By Dennis Hartley
(Originally posted on Digby’s Hullabaloo on June 11, 2011)
Dr. Drew-please help me. I’m a wreck. This is only the first line for my review of Midnight in Paris, and already I’m feeling defensive. Why is that? When will I be able to review a Woody Allen movie without feeling obliged…no, strike that…duty-bound to append superlatives with a qualifier like “…in years”. You know-as in, “This is Woody Allen’s best film…in years!” Why can’t I just say “This is a great film”? Is it the vacillating quality of his work over the last two decades? Or is it me? Am I stuck in the past? Have I become one of those sniveling fans Woody parodied in Stardust Memories-wringing my hands over the fact that his recent work is nothing like the “earlier, funny films” he made in the days of my golden youth? Wait…what’s that ringing in my ears? I feel nauseous. Oh, Jesus, I hope it isn’t a brain tumor. Uh, hello? Dr. Drew? Dr. Drew?
We’ve lost our connection, so back to the review. Allen continues the 6-year European travelogue that began in England (Match Point, Scoop, Cassandra’s Dream), trekked to Spain (Vicky Cristina Barcelona) then after a respite in N.Y.C. (Whatever Works) headed back to the U.K. (You Will Meet a Tall Dark Stranger) before settling in the City of Light for this romantic fantasy. Allen opens the film Manhattan style-with a montage of iconic Paris landmarks (strikingly captured by City of Lost Children DP Darius Khonji and co-cinematographer Johanne Debas). We are introduced to a successful but artistically unfulfilled Hollywood screenwriter named Gil (Owen Wilson).
Gil is engaged to Inez (Rachel McAdams). The two of them have tagged along with Inez’s parents (Kurt Fuller and Mimi Kennedy) who are in Paris on a business trip. Gil and Inez view Paris from differing perspectives. Inez is excited about the shopping and the tourist attractions, plus the fact that her bubbly friend Carol (Nina Arianda) is also in town with her boyfriend Paul (Michael Sheen), a pompous art professor who has been invited to speak at the Sorbonne. Gil, on the other hand, is one of those nostalgia junkies who tend to wax melancholic about “being born at the wrong time”.
To be sure, part of him does appreciate being alive in the 21st century, but if he had his druthers, he would gladly swap his luxury Malibu digs for Paris (the perfect place to polish the draft of his first novel). If he pushed the fantasy to its limits, Paris in the 1920s would be ideal; consorting in Left Bank cafes with Hemingway, Fitzgerald, Eliot and Stein. Meanwhile, Inez and her parents hope Gil’s romanticized musings are just a silly phase that he’s going through.
To Gil’s chagrin, Inez appears enraptured by Paul’s windy professorial pontificating about the landmarks they visit (at one point, he self-importantly “corrects” a French tour guide on trivia regarding a Rodin sculpture). While Inez admires his “brilliance”, Gil sees Paul for what he really is-an insufferably arrogant pedant. Pseudo-intellectuals have been one of Allen’s pet targets over the years; in a later scene where Gil finds himself in a unique position to stymie the ever-chattering Paul , I was reminded of that classic “I happen to have Marshall McLuhan right here” moment in Annie Hall.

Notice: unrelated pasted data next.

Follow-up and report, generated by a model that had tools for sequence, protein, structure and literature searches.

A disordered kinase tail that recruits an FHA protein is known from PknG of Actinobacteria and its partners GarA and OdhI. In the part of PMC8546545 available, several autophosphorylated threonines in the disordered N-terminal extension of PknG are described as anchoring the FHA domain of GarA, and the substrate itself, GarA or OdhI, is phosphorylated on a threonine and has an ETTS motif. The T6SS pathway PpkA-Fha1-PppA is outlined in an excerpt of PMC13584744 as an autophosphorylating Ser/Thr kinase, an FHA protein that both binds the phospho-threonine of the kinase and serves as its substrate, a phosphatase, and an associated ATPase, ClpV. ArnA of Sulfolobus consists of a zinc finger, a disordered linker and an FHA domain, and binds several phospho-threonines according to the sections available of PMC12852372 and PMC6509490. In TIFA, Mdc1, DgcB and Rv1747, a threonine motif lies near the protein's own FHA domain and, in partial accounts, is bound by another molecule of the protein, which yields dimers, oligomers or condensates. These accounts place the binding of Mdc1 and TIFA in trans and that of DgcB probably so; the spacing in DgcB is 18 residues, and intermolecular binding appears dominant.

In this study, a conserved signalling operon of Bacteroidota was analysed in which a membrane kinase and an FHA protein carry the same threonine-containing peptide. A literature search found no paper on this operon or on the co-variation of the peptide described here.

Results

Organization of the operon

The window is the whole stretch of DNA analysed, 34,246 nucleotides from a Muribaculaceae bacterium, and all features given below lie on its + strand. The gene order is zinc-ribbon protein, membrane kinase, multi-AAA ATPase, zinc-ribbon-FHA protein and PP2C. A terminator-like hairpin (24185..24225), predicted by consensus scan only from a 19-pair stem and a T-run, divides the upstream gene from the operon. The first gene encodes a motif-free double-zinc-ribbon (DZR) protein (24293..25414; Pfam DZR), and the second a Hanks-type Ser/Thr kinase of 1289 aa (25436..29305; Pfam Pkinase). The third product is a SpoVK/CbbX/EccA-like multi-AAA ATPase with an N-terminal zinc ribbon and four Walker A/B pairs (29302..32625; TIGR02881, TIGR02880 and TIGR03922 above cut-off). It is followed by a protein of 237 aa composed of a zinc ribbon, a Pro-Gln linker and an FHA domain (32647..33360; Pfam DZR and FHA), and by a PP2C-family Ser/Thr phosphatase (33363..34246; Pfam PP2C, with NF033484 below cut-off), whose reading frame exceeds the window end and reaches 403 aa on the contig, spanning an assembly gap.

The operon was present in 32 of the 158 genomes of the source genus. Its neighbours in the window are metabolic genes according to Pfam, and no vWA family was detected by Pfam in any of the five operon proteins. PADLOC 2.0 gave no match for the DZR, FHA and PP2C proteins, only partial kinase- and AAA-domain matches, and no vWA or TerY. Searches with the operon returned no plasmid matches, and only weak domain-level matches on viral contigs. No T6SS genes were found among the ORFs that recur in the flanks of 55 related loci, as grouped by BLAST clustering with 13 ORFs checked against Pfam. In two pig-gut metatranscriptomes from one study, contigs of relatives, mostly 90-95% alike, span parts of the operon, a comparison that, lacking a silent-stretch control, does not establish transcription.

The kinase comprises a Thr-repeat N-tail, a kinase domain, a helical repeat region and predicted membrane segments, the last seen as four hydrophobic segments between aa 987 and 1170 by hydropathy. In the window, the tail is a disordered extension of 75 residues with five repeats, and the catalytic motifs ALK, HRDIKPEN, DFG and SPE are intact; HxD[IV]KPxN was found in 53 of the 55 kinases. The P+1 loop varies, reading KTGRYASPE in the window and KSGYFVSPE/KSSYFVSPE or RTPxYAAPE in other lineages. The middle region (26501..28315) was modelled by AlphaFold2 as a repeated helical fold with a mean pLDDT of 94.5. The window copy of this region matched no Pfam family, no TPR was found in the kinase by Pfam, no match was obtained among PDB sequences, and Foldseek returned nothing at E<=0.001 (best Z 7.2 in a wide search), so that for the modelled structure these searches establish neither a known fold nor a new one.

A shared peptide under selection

One evening, after Gil has done a little more wining than dining, he takes a head-clearing, late-night stroll back to the hotel, leaving a less-than-pleased Inez on her own to go out partying with Carol and Paul. Gil finds himself lost in the labyrinth of Paris’s narrow backstreets.
As he stops to rest and get his bearings, the bells begin to toll midnight. At that moment, a well-preserved vintage Peugeot Landaulet pulls up, seemingly out of nowhere. A lively group of well-oiled young party people invite him to hop on in and join their revelry. With a “what the hell” shrug, Gil accepts the invitation. Now, so I don’t risk spoiling your fun, I won’t tell you much more about what ensues. Suffice it to say that this will be the first of several “transportive” midnight outings that will change Gil’s life.
Allen re-examines many of his signature themes-particularly regarding the mysteries of attraction and the flightiness of the Muse. He also offers keen insights about those who romanticize the past. Do we really believe in our hearts that everything was better “then”? Isn’t getting lost in nostalgia just another way to shirk responsibility for dealing with the present?
Earlier I made a tongue-in-cheek analogy between Allen’s “earlier, funny films” and the “days of my golden youth”. Were Woody’s movies really “funnier” then-or are they merely portals back to a carefree time when I still had my whole life ahead of me? Lest you begin to think that this is one of his Bergman-esque excursions-let me assure you that it’s not. It’s romantic, intelligent, perceptive, magical, and yes…very funny. There’s a fantastic supporting cast, including Marion Cotillard, Kathy Bates and Adrien Brody. In fact, I will say this without qualification: This is a great film. Never mind, Dr. Drew…I’m cured!